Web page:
Last Updated on Monday, 21 August 2023, 20:05 by Denis Chabrol
New York-based Guyanese opposition political activist Rickford Burke has fired back at Guyana’s Vice President Bharrat Jagdeo’s plan to go after participants at a conference on alleged racial and political discrimination against Afro-Guyanese that is expected to be headlined Democratic Leader in the United States House of Representatives, Congressman Hakeem Jeffries
Mr Jagdeo clearly expressed his disgust at plans by Mr Burke’s Caribbean Guyana Institute for Democracy (CGID) and other organisations to hold the conference at the National Press Club in Washington DC from September 27-28, 2023 under the theme, “Promoting Inclusive Governance and Economic Growth, Equal Justice, Social Equality & Sustainable Development for all Guyanese in the Era of Oil and Gas.”
“We will robustly take that on and we’ll point out all of this. In fact, he’ll get some robust engagements there and we’ll embarrass those who will be part of these activities,” he said.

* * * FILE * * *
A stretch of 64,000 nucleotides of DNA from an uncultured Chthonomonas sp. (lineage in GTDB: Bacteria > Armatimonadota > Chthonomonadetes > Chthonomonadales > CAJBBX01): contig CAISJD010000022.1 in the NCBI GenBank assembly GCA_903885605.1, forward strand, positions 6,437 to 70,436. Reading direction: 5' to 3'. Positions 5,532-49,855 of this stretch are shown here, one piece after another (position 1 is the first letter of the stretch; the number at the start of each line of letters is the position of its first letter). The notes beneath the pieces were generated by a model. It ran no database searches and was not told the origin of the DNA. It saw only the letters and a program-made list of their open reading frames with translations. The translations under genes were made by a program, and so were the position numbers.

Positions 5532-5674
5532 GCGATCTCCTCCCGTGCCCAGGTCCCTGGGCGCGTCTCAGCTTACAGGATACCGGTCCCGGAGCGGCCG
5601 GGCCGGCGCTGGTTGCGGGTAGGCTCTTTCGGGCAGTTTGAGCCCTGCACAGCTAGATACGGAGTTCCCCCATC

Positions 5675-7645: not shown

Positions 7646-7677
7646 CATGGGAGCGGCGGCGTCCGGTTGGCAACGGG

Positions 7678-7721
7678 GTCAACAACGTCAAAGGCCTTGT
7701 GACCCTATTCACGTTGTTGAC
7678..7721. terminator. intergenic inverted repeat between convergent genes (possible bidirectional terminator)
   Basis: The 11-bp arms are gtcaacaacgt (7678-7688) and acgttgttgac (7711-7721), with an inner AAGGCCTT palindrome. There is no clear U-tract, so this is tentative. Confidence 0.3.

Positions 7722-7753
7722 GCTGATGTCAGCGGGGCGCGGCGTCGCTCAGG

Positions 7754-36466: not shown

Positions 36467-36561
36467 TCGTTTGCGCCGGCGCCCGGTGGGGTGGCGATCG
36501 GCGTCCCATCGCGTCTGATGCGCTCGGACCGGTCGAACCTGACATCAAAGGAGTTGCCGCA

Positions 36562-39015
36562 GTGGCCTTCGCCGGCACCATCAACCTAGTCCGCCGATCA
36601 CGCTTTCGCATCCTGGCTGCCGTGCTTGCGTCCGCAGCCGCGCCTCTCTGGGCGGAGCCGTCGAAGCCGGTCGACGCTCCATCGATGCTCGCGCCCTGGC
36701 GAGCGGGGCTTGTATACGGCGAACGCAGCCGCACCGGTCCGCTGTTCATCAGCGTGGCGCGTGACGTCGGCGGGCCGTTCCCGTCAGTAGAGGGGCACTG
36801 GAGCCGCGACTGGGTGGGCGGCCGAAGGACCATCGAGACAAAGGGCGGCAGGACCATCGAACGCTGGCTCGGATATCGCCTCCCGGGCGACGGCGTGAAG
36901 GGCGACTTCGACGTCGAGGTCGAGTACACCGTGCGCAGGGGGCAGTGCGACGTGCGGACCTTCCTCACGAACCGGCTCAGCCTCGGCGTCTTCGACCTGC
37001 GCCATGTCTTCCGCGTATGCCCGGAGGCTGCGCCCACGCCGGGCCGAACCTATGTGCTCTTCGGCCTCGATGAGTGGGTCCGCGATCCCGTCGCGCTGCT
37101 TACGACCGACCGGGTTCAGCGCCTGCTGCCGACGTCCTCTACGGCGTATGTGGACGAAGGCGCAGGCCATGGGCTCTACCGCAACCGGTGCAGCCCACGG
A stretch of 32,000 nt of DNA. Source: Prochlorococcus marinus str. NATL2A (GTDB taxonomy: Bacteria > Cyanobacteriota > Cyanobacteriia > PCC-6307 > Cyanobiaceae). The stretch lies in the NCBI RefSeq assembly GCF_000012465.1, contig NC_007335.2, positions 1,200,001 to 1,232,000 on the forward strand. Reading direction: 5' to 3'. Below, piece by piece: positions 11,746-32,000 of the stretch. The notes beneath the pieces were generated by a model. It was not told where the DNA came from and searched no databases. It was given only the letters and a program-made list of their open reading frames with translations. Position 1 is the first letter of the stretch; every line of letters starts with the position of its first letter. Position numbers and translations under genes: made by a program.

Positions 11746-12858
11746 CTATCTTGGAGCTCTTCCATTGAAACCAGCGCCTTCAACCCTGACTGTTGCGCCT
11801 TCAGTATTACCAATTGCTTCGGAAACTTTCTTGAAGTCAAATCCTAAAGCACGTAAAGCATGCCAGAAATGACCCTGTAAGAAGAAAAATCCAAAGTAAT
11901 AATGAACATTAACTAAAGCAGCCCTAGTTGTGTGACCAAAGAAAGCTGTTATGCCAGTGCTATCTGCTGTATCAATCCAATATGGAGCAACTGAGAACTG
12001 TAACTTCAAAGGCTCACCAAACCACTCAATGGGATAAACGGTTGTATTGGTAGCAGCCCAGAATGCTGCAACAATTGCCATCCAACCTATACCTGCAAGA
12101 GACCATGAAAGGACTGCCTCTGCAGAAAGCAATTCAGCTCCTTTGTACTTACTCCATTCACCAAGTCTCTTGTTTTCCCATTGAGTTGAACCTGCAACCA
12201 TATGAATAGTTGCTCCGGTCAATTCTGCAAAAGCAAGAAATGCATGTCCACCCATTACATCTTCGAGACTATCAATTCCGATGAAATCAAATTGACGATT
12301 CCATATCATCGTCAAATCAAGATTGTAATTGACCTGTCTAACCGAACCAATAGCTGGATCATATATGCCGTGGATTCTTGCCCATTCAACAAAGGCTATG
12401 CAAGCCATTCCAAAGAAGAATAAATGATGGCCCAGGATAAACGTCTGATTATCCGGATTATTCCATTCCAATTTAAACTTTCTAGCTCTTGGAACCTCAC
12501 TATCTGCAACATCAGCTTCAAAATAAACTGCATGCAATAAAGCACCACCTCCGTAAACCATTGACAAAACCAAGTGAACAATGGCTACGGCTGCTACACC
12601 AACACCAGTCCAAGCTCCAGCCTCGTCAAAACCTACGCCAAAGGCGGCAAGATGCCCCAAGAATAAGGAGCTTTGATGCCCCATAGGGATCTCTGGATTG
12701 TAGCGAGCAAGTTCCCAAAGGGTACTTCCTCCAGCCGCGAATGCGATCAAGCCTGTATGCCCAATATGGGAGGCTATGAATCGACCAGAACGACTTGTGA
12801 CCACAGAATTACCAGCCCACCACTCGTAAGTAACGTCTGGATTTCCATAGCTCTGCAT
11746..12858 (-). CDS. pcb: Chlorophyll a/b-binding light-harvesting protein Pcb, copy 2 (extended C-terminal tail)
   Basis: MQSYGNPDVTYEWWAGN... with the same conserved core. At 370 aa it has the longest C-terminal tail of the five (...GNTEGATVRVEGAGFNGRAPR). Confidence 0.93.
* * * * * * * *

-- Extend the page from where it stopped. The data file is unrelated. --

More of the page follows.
Mr Burke said delegates will also brief White House officials, as well as officials from the State Department, Justice Department and FBI and US Exim Bank on the situation in Guyana. Delegates will travel to Capitol Hill to meet with key Members of Congress and US Senators, and there will be a meeting with the Congressional Black Caucus.
Mr Jagdeo questioned the legality of Mr Burke’s work, saying that he is required under US law to be registered under the Foreign Agents Registration Act (FARA). “He is lobbying in the US and it’s illegal to lobby the way he is doing it unless you’re registered as a foreign agent,” and maybe someone needs to complain to the Justice Department,” Mr Jagdeo added.